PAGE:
This is a page from my book, “How I Sold My Business: A Personal Diary”
As the last few days progressed, we all realized we'd be in no shape to have a serious discussion about selling my shares to the LLC partners. Some emergency issues came up at work, and we were all tired, but David, George, and Cooper still wanted to meet for about ninety minutes.
We met at the office at 10 a.m., and I began by telling them that just a little while ago Rob looked like he might come back on the scene with a higher offer than what he came up with a long time ago, but then he took a completely different tact and agreed to a transfer out of the country.
LLC Class B partners discuss my sell offer
Then we got into the purpose of the meeting, at least from the perspective of my business partners. With Jack out of the picture at least for now, the Class B partners had a lot of questions they wanted to ask before rejecting my offer officially, including:
- What is the health of the company? (Do you know something we don't know?)
- Why was the offer rejected by the Company and Class A partners?
- Can one of us buy your shares, or do we all have to buy?
- If we don't buy, do you have people lined up to buy outside of the company?
- Who will take over all the roles you currently play?
The most interesting question I hadn't even considered was, "Why don't I just open a new office of our company in my hometown?" For a brief moment this was intriguiging, but really, I am so set on taking a very long vacation that it was just a passing thought. Really, why start a new branch of the company that would benefit Jack in any way, when I could just start a new company if I really wanted to (and right now I really don't want to)?
I told them that besides the desire to move I was also burned out, and didn't know if I wanted to continue in this industry any more. I told them I was working on various vacation plans for next summer, and that's why I put in my Offer Letter that I wanted to leave by April 30th.
The second most interesting question was why the Company and Class A partners rejected my offer. I told them I assumed they thought it was too expensive, and I turned the question over to David. The idea of leaving the room briefly occurred to me, but there was no need for privacy just yet.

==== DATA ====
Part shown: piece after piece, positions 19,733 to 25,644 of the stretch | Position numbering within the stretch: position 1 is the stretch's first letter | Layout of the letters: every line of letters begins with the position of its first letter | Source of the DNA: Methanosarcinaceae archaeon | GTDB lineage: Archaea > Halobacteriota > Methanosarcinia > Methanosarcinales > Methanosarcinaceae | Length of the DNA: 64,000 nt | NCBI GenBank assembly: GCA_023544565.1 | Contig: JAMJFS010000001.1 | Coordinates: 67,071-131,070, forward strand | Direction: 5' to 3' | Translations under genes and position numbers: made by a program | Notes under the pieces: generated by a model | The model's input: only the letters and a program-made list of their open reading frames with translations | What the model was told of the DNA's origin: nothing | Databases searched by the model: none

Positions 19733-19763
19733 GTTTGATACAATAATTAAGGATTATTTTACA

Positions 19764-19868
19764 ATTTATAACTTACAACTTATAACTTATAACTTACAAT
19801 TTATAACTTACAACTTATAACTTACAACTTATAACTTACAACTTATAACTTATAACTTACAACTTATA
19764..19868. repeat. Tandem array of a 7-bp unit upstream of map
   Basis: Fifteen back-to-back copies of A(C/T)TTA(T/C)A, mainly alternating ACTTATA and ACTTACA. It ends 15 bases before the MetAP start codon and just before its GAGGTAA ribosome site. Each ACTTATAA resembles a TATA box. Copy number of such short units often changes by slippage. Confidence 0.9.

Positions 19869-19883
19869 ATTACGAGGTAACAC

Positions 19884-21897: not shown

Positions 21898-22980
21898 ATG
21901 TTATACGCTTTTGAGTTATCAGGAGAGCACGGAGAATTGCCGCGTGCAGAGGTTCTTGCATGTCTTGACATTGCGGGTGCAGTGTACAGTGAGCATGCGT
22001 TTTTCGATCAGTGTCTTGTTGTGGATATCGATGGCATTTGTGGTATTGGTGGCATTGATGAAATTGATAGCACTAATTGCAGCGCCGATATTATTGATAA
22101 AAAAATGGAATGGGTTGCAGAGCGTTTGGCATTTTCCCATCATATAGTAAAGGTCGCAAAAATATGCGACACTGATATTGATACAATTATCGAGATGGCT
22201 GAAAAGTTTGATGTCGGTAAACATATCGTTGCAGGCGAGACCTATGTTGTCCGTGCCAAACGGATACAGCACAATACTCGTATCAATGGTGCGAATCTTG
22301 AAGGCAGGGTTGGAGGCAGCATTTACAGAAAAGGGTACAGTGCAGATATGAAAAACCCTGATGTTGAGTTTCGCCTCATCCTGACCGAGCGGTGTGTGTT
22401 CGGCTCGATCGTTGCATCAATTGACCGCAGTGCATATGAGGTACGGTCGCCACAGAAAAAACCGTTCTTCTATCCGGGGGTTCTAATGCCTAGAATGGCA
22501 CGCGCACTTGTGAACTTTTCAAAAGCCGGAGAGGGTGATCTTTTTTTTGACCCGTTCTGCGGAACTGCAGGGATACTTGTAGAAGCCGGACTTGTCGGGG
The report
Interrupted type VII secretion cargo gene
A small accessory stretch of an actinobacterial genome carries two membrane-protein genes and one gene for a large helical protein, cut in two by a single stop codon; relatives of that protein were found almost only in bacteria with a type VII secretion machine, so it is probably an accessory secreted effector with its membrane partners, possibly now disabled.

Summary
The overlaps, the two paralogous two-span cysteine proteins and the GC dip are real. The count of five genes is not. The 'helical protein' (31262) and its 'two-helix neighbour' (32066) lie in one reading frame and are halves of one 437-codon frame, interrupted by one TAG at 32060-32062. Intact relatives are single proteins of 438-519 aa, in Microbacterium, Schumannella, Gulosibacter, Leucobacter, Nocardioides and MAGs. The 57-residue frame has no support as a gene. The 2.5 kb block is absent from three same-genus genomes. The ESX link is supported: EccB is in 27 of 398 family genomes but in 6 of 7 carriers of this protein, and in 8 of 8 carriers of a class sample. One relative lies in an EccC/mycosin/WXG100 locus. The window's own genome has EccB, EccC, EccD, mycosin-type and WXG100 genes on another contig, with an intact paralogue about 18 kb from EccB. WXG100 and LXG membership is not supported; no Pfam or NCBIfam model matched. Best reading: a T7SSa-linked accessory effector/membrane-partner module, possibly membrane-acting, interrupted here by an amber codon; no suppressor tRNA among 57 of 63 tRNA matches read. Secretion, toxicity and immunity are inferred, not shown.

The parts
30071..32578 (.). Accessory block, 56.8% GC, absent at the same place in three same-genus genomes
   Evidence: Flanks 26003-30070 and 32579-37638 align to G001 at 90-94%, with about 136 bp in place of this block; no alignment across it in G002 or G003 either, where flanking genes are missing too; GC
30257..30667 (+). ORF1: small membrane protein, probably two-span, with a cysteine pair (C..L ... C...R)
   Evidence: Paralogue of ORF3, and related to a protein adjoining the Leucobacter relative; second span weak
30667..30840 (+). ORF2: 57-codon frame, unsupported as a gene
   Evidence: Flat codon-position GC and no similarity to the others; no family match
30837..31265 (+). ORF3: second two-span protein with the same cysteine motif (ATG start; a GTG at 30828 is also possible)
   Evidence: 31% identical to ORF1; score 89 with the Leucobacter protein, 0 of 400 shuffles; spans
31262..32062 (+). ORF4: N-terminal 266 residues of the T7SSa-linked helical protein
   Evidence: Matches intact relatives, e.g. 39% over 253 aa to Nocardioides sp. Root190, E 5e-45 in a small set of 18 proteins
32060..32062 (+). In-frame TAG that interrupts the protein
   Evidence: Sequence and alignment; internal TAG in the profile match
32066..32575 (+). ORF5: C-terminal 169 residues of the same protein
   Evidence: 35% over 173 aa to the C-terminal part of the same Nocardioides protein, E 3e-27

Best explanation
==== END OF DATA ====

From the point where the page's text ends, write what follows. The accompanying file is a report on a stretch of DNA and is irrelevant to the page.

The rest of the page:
David said that Jack just wouldn't go along with either approach, and without Jack the Company definitely couldn't make an offer, and by himself he didn't have enough money to buy my interest. He also added that the share price was too high for him.
LLC business partners open up
At this point everyone seemed to open up, and everyone shared their real concerns. They were concerned about income falling off when I left, and concerned about future sales with me gone. They also assumed that my former wife would leave the company when I left, and several salaries would have to be adjusted. I was pleased with their analysis, if not their assumptions. They had clearly put some time into it, and it was thorough.
I just let everyone talk, only chiming in at one point to say that we have been told by several parties during the sales process that buyers typically look at breaking even somewhere down the road between two years and five years. I also added that if the sale happened today, I'd still be with the company for seven months of that time.
After everyone aired what they were thinking, I made an effort to resolve some of their concerns. I said David was in excellent shape to replace me at several accounts, that George was an excellent "Sales Engineer", and everyone else in the room now had at least five years experience in doing what we do, and this was an opportunity for everyone to step up, an opportunity I was sure several of them were looking for.
I told them I knew this was a lot of money we were talking about, but if they looked at what each of them had paid for their shares, they knew there was a lot of value in the company, and buying those shares was probably one of the best deals they'd made in their lives. And if no one or two individuals could afford to buy my shares by themselves, well, a larger group of partners possibly could.
Another great question came up during our discussion: Could the Class B partners have their shares converted to Class A shares during the purchase process? I have to admit, this was something I hadn't even thought about. Yes, I told them, that was possible, but the other Class A members would probably have to sign off on that. If I stayed with the company of course I could do that, but because I wanted to leave, and we were talking about doing this as part of the sales process, that was probably something the remaining Class A partners would have to agree to.
That was the last major question I can recall. After that there was some idle chit-chat, with the partners asking "Are you sure?", and saying things like they would miss me, they were sorry about my divorce, and asked about my vacation plans. One partner asked if the reason I was in a bad mood one particular day recently had anything to do with this, and I laughed and said yes, it did. I told them this has been stressful on all of us, and I apologized for that.
With all of us having other commitments after a long week, we didn't have much time to talk about a real asking price.